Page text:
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    • #108


      found on amazon.

      In touch with you, 16 Jul 2007
      By E. A Solinas \"ea_solinas\" (MD USA)

      The Smashing Pumpkins are back. The legendary rock band, which blossomed like a dark rose in the musical wasteland of the 1990s.

      Okay, only frontman Billy Corgan and drummer Jimmy Chamberlin have returned from the original lineup, and their sound is a touch less epic than before. But their return album \"Zeitgeist\" is still worthy of epic praise — dark, passionate hard-rock, written with a darkly poetic sweep.

      The drums smash, the bass roars like unleashed tornado. \"Is everyone afraid?/Is everyone ashamed?/They’re running towards their holes to find out/Apocalyptic thieves/Are lost amongst our dead,\" Corgan drawls, telling us a story of gas masks, Kafka and fear.

      It’s followed with the roiling rocker \"7 Shades of Black,\" with the level of depression you’d expect (\"And without peer/And without fear/I’m without anyone at all!\"). Then it pours into a series of blazing hard-rockers — soaring grimy epics, buzzing and cascading bass rockers, a stripped-down melodic tune, and the soaringly exquisite \"Pomp and Circumstances,\" which is only marred by Corgan singing \"la la la la…\"

      \"Zeitgeist\" probably won’t be gently compared to the Pumpkins’ earlier classics, especially since it doesn’t have James Iha and D’arcy Wretzy. And it does lack a certain quality in the bass playing. But taken on its own virtues, it’s brilliant in its own way — epic, dark, and with moments of sheer poetry woven into the stormy music.

      If I had a main complaint, it would be that most of the songs are fast and hard — where are the ballads? But Corgan is blazingly passionate in his playing, layering and building a storm of driving guitar and fuzzy bass. He pushes on the fiery melodies of each song, with Chamberlin smashing the drums beside him. These guys mean business.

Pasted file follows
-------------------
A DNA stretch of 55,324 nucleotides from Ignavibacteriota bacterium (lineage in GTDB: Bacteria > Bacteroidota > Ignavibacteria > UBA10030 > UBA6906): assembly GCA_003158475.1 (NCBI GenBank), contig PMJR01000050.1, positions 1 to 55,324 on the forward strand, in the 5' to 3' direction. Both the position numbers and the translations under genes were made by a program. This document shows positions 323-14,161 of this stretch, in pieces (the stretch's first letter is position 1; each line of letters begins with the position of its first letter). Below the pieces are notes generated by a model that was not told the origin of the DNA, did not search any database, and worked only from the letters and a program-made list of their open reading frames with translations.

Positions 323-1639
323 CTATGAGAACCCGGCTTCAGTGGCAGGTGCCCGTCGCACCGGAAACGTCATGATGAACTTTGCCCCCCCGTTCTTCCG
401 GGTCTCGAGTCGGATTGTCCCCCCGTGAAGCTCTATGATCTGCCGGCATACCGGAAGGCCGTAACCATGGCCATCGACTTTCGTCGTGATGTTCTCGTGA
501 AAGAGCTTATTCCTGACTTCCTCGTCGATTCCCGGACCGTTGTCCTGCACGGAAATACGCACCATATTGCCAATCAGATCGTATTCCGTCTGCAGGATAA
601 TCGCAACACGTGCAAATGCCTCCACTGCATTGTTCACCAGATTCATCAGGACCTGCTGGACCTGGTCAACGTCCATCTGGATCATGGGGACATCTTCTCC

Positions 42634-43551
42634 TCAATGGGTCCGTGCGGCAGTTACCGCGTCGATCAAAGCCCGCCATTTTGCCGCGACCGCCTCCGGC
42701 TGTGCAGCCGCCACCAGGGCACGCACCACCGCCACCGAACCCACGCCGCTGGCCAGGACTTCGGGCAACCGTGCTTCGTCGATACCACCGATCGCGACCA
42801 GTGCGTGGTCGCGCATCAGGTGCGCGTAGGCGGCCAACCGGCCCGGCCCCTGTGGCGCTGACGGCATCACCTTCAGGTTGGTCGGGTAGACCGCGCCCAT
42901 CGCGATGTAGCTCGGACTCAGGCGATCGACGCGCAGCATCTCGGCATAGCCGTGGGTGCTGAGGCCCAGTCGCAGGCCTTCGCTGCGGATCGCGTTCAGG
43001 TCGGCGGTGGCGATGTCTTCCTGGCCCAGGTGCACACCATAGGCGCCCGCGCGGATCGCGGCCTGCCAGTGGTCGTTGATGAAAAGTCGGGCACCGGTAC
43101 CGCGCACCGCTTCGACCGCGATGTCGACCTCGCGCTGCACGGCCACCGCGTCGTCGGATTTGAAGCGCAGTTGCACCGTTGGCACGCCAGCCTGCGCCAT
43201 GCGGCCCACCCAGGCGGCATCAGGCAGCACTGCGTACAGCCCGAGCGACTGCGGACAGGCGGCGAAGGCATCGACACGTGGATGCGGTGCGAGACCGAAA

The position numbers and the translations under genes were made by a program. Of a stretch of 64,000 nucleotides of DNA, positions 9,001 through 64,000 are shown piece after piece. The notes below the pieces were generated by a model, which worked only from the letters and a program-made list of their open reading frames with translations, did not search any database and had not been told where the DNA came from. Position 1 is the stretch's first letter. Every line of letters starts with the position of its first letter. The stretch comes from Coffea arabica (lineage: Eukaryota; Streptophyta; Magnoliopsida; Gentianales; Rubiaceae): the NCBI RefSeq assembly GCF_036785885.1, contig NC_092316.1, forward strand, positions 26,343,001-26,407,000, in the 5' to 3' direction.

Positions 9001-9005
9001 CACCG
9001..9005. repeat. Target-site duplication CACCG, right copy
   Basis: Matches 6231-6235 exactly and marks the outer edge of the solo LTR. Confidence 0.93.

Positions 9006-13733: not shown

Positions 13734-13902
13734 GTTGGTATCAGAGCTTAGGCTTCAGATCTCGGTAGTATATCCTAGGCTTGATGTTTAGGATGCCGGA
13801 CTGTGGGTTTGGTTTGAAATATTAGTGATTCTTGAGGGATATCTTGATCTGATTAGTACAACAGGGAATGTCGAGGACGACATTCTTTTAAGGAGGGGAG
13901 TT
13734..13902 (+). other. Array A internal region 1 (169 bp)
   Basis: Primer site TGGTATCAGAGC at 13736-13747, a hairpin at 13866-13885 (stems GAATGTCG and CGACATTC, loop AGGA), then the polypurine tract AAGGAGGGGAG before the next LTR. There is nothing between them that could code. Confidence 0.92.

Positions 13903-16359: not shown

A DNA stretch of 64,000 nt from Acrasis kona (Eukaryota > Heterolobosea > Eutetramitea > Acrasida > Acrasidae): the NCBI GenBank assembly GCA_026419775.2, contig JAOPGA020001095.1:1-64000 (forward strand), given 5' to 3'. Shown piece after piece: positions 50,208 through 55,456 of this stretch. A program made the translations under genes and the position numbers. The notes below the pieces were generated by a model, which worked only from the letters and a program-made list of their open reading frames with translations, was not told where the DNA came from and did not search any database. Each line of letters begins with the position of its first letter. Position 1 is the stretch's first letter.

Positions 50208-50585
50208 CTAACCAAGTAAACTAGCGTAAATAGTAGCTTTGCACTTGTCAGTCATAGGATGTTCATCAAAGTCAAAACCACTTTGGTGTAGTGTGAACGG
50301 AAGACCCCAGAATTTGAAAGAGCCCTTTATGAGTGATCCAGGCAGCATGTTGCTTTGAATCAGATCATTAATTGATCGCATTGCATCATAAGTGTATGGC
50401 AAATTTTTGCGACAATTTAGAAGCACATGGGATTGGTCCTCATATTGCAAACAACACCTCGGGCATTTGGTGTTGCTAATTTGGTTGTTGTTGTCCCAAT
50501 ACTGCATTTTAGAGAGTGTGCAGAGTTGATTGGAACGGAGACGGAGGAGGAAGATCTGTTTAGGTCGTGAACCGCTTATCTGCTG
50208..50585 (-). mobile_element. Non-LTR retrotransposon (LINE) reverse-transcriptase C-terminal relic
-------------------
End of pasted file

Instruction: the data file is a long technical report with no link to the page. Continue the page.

And Corgan’s nasal voice sneers and drawls through the harder songs, but he can also sound wistful and tender, like when he sings, \"that’s the way my love is.\" And he pours plenty of passion into songs about longing for love, a crumbling world, a grey world, and bitter loneliness.

      Some of his songs aren’t up to par, like \"God and Country.\" But Corgan spins beautiful poetry in other songs, the ethereal \"Pomp and Circumstance\": \"Torn, broken and frayed/Oh don’t we face/War, sunshine and grace/Oh won’t you stay/For a while/We can fail in style…\"

      The Pumpkins aren’t quite all they once were, but Corgan and Chamberlin are enough to make \"Zeitgeist\" a brilliant hard-rock album with some vintage flourishes. Just take it for itself, with no comparisons.

    • #2615

      and another one from amazon

      Smashing Pumpkins have aged well, but have their fans?, 13 Jul 2007
      By Alex (Hull, England)

      I’m pleased I am not the only one who thinks too many people are living in 1993. This album isn’t Siamese Dream, and the Smashing Pumpkins will never make another album like that, even if they tried. And thank god too. Is there anything worse than a great band repeating themselves?

      So…it’s 2007, and this time we’re presented with Zeitgeist. Following news of its release came a flood of cynicism. I can almost understand some of it, given the absence of certain band members, and the fact that the cover and inlay artwork – coupled with the title – seemed like a political statement (and a fairly unoriginal one at that).

      (Before I continue, if you have any beef with their current line-up, let me remind you that this band has always revolved around Billy Corgan. He was always the main driving force and songwriter, and even though Jimmy Chamberlain is also present, Smashing Pumpkins will always be Billy Corgan and whoever else. You may dislike the idea, but I don’t exaggerate when I say there are many bands like this.)

      I have news for you. You can take any preconceived ideas you may have had about this album, and kiss them goodbye. Not only does this album holds its own against their previous releases, but it contains tracks that will no doubt become lost Pumpkins classics. There are, as with most albums, tracks I rate less than others, but I cannot fault any of the material here. This is 100% Smashing Pumpkins. They’ve returned with a mature sound that does the name ‘Smashing Pumpkins’ proud. They have aged well, but unfortunately it seems like many of their fans haven’t.

    • #2616

      yay good reviews!

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